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Upadacitinib successful in the management of both CD and UC

Presented by
Dr Brian Feagan , University of Western Ontario, Canada
Medical Writer
Susanne Kammerer
ECCO 2023
New trial analyses of the oral JAK1 inhibitor upadacitinib confirm its importance in the management of both Crohn´s disease (CD) and ulcerative colitis (UC). In CD, patients with prior biologic failure had a better treatment effect with a higher dose.

In the treatment of CD, the efficacy and safety of upadacitinib have been demonstrated in the 2 induction studies U-EXCEED (NCT03345836) and U-EXCEL (NCT03345849). Responders at 12 or 24 weeks were eligible for re-randomisation and were included in the maintenance study U-ENDURE (NCT03345823). In these studies, the superiority of upadacitinib over placebo was demonstrated across clinical, endoscopic, steroid-free, and quality-of-life measures.

The aim of the sub-analysis presented by Dr Brian Feagan (University of Western Ontario, Canada) was to assess endoscopic outcomes in patients with or without a history of biologic failure, defined as inadequate response or intolerance, among those who received upadacitinib in the study programme. Pooled data from U-EXCEL, U-EXCEED, and U-ENDURE was used in this study. “In general, a lower inflammatory burden was seen in patients without biologic failure compared with those who failed a biologic,” Dr Feagan explained. In the biologic-failure group, 60% had at least failed 2 and many patients even 3 prior biologics, in most cases TNF blockers.

In the induction studies, endoscopic response (defined as a decrease in Simple Endoscopic Score for Crohn’s Disease [SES-CD] >50% from baseline or, for patients with an SES-CD of 4 at baseline, at least a 2-point reduction from baseline) and endoscopic remission (defined as SES-CD <4 and at least 2-point reduction from baseline and no subscore >1 in any individual variable) both showed higher rates in upadacitinib-treated participants compared with placebo. Of the participants treated with upadacitinib without biologic failure, 52% achieved an endoscopic response compared with 16.2% with placebo. This was 35.7% for upadacitinib-treated participants with prior biological failure  compared with 5.3% on placebo. “In patients with prior biologic failure there was a lesser effect but still with a delta of 30,” Dr Feagan commented. At week 12, 36% of the upadacitinib-treated participants without biologic failure achieved endoscopic remission (vs 10.1% with placebo). The corresponding results for participants with biologic failure were 19.6% versus 2.8% in the placebo group.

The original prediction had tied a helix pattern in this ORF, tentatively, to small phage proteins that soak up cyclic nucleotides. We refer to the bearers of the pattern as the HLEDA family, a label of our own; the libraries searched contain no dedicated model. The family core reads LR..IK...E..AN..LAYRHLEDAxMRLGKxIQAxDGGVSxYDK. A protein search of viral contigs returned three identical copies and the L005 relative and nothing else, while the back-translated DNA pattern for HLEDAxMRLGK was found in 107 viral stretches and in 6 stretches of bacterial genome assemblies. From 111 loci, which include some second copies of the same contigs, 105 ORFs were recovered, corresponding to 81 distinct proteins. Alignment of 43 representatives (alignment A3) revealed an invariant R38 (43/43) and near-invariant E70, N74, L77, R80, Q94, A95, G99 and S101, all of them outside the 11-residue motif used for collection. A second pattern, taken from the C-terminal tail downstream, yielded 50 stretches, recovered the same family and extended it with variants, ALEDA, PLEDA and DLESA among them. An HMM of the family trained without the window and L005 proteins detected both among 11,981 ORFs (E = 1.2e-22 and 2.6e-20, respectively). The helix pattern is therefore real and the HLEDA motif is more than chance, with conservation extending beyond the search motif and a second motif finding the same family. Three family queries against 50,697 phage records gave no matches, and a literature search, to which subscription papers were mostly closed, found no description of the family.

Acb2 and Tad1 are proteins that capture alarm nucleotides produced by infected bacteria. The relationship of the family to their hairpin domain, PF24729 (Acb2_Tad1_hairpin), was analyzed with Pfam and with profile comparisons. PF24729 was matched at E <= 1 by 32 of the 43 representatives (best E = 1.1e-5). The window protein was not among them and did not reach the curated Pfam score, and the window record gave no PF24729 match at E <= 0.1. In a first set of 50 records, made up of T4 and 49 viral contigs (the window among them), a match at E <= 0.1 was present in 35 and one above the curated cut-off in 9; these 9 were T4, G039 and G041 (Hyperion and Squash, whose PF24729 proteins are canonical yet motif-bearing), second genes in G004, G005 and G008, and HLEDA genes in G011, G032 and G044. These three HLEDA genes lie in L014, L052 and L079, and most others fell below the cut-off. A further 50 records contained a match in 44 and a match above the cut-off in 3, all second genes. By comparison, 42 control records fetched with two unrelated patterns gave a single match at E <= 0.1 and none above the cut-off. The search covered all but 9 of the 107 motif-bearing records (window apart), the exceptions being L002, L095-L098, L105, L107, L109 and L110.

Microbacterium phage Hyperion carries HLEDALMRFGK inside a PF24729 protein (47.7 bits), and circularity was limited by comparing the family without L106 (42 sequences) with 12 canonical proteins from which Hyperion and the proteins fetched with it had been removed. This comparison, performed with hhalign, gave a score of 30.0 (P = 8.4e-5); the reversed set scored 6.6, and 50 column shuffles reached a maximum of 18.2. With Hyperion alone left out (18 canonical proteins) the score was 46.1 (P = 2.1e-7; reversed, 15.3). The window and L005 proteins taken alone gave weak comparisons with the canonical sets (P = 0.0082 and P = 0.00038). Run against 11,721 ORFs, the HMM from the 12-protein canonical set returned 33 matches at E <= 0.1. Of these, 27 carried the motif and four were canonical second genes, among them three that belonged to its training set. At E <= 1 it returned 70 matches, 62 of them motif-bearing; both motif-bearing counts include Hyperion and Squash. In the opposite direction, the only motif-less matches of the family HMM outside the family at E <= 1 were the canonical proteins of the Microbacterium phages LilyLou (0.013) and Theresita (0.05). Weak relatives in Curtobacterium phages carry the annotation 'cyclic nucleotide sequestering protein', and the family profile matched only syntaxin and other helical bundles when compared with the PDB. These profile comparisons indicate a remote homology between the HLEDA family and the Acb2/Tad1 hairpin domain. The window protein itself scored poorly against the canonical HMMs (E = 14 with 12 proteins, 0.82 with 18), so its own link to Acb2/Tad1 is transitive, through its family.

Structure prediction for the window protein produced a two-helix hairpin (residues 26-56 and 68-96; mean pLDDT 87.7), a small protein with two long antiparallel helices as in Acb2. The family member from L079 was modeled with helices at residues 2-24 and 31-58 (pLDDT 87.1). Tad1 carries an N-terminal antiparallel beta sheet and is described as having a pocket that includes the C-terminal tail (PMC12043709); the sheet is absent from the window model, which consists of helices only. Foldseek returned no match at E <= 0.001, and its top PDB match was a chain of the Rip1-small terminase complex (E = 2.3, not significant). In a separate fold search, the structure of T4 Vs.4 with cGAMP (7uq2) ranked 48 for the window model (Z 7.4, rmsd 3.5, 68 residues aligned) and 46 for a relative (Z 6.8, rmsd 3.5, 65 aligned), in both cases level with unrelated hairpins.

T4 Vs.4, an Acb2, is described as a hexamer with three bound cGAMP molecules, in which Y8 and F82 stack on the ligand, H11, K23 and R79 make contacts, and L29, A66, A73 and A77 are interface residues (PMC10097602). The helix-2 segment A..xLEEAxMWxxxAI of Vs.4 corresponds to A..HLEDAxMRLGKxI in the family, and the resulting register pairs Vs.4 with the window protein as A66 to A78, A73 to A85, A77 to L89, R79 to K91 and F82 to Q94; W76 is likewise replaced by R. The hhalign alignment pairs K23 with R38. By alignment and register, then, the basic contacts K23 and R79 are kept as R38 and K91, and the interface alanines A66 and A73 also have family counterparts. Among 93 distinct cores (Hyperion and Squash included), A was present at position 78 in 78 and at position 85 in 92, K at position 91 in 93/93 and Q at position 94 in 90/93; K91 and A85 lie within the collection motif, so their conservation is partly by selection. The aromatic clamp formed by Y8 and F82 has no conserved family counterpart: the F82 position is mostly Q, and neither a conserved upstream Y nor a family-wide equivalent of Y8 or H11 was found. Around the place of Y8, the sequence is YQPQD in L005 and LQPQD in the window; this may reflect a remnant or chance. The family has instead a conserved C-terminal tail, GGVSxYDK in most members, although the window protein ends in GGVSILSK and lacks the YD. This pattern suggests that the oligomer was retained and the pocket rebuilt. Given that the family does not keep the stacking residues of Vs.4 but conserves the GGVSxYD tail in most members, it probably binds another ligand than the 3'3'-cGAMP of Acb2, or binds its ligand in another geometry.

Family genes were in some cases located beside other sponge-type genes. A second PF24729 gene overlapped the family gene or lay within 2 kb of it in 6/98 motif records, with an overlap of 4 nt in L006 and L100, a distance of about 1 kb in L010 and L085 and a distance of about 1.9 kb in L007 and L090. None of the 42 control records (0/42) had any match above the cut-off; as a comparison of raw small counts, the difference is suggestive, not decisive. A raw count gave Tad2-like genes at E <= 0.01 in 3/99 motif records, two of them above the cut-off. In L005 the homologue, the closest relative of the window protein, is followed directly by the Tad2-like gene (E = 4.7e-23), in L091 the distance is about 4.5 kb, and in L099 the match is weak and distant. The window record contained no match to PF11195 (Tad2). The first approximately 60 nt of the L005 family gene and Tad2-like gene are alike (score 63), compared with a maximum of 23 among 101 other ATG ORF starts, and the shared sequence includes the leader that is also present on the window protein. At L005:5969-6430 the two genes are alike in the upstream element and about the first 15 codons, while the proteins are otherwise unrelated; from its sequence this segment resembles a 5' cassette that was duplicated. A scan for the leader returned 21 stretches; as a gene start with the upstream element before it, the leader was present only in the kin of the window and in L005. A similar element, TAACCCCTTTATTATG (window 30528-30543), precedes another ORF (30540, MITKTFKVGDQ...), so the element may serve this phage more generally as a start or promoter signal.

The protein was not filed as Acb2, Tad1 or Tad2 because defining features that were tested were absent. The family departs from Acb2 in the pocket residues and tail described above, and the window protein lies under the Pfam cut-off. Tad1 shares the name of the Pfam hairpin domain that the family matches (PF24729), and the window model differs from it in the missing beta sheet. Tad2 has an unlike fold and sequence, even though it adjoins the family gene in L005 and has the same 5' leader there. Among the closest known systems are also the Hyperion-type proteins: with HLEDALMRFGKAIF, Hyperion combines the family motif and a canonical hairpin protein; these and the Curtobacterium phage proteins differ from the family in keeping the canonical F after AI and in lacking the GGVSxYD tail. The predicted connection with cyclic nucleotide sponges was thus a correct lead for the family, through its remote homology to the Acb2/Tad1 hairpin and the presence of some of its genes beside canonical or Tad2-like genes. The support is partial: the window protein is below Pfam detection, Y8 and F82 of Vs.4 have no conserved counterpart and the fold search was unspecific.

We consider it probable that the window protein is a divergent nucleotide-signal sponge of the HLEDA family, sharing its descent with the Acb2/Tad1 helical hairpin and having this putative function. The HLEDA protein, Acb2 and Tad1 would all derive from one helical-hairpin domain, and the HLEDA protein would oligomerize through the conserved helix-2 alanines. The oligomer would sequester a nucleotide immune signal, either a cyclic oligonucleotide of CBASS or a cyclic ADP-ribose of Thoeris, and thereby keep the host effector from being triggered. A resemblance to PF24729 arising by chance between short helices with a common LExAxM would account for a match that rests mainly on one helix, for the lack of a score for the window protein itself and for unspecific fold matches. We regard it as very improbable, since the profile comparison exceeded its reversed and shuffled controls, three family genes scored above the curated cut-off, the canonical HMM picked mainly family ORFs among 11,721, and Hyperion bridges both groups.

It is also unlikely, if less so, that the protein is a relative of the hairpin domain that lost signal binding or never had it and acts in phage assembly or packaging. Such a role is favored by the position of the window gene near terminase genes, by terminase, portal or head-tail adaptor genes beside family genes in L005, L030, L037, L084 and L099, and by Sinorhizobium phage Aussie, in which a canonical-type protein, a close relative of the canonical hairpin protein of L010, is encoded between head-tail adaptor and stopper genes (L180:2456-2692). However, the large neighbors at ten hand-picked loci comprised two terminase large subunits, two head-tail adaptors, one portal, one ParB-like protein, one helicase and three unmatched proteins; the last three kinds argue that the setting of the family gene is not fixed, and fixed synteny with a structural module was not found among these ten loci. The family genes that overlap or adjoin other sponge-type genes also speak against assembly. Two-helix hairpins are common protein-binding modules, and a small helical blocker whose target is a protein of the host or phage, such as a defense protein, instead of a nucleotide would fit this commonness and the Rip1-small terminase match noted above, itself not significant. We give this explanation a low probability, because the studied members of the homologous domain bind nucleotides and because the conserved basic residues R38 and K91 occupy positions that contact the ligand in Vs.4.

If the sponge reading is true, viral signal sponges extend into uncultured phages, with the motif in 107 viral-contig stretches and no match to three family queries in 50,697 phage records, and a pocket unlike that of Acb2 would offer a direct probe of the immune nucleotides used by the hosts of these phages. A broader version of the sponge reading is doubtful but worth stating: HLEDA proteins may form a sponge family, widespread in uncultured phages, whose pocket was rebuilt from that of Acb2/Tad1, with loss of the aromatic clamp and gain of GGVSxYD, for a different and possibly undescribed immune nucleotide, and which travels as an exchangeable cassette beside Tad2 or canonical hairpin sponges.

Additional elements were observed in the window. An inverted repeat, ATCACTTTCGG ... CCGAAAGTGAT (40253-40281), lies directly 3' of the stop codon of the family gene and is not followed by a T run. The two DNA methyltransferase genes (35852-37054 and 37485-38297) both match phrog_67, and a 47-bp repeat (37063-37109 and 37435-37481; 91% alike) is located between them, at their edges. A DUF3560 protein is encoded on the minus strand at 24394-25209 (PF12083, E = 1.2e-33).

The most difficult endpoint was sustained remission, which was defined as the percentage of participants who achieved endoscopic remission at both week 12 and 52. “Interestingly, patients with prior biologic failure had an enormous treatment effect,” Prof. Feagan said. Of participants with prior biologic failure, 60.3% achieved a sustained endoscopic response when treated with the high dose compared with 55% of participants without biologic failure. Endoscopic remission was achieved by 57.1% of participants treated with the high-dose upadacitinib and 35.5% treated with the low dose compared with 6.3% in the placebo group. Therefore, Dr Feagan pointed out that particularly patients with prior biologic failure have a better treatment effect with the higher dose.

Upadacitinib induction and maintenance treatment doses were well tolerated with no new safety signals. There were no deaths and there was a very low rate of opportunistic infections in the upadacitinib arm. In the 30 mg dose group, 1 embolic event was noted.

Superior symptom control in patients with UC

Upadacitinib also showed positive induction and maintenance results in UC. Prof. Geert D’Haens (Academic Medical Center University of Amsterdam, the Netherlands) presented an analysis of the phase 3 induction trials U-ACHIEVE (NCT02819635) and U-ACCOMPLISH (NCT03653026) and of the upadacitinib UC trial programme where they looked at complete symptom resolution defined as no bowel urgency, no abdominal pain, no rectal bleeding, and a stool frequency score ≤1 [2].

At baseline, 89% in the placebo group and 90% in the upadacitinib group suffered from abdominal pain (i.e. abdominal pain score >0). “This is strikingly high. I did not realise so many have abdominal pain at baseline because we never measure it,” Prof. D´Haens commented. At the end of the maintenance period at week 52, 46.1% achieved complete symptom resolution in the high-dose upadacitinib group compared with 37.2% in the low-dose upadacitinib group and 12.8% in the placebo group (P<0.001 for both comparisons; see Figure).

Figure: Percentage of patients with symptom resolution and induction response during maintenance treatment [2]

*P<0.05; **P<0.01, ***P<0.001 for upadacitinib  versus placebo.

If a fatigue score was added, 36.4% of participants treated with 30 mg upadacitinib achieved both complete symptom resolution and fatigue normalisation compared with 12.1% of placebo at week 52 (P<0.001). Complete symptom resolution and normalisation of fatigue were sustained with both doses of upadacitinib maintenance treatment. Achieving this goal may contribute to the normalisation of disease-related quality-of-life in patients with UC, according to Prof. D´Haens.


  1. Feagan BG, et al. Upadacitinib improves endoscopic outcomes in patients with moderate to severely active Crohn´s Disease irrespective of previous failure to respond to biologics or conventional therapy. OP17, ECCO 2023, 1–4 March, Copenhagen, Denmark.
  2. D´Haens G, et al. The effects of upadacitinib on ulcerative colitis symptom resolution and fatigue normalisation in patients with moderately to severely active ulcerative colitis: Phase 3 U-ACHIEVE and U-ACCOMPLISH result. OP20, ECCO 2023, 1–4 March, Copenhagen, Denmark.

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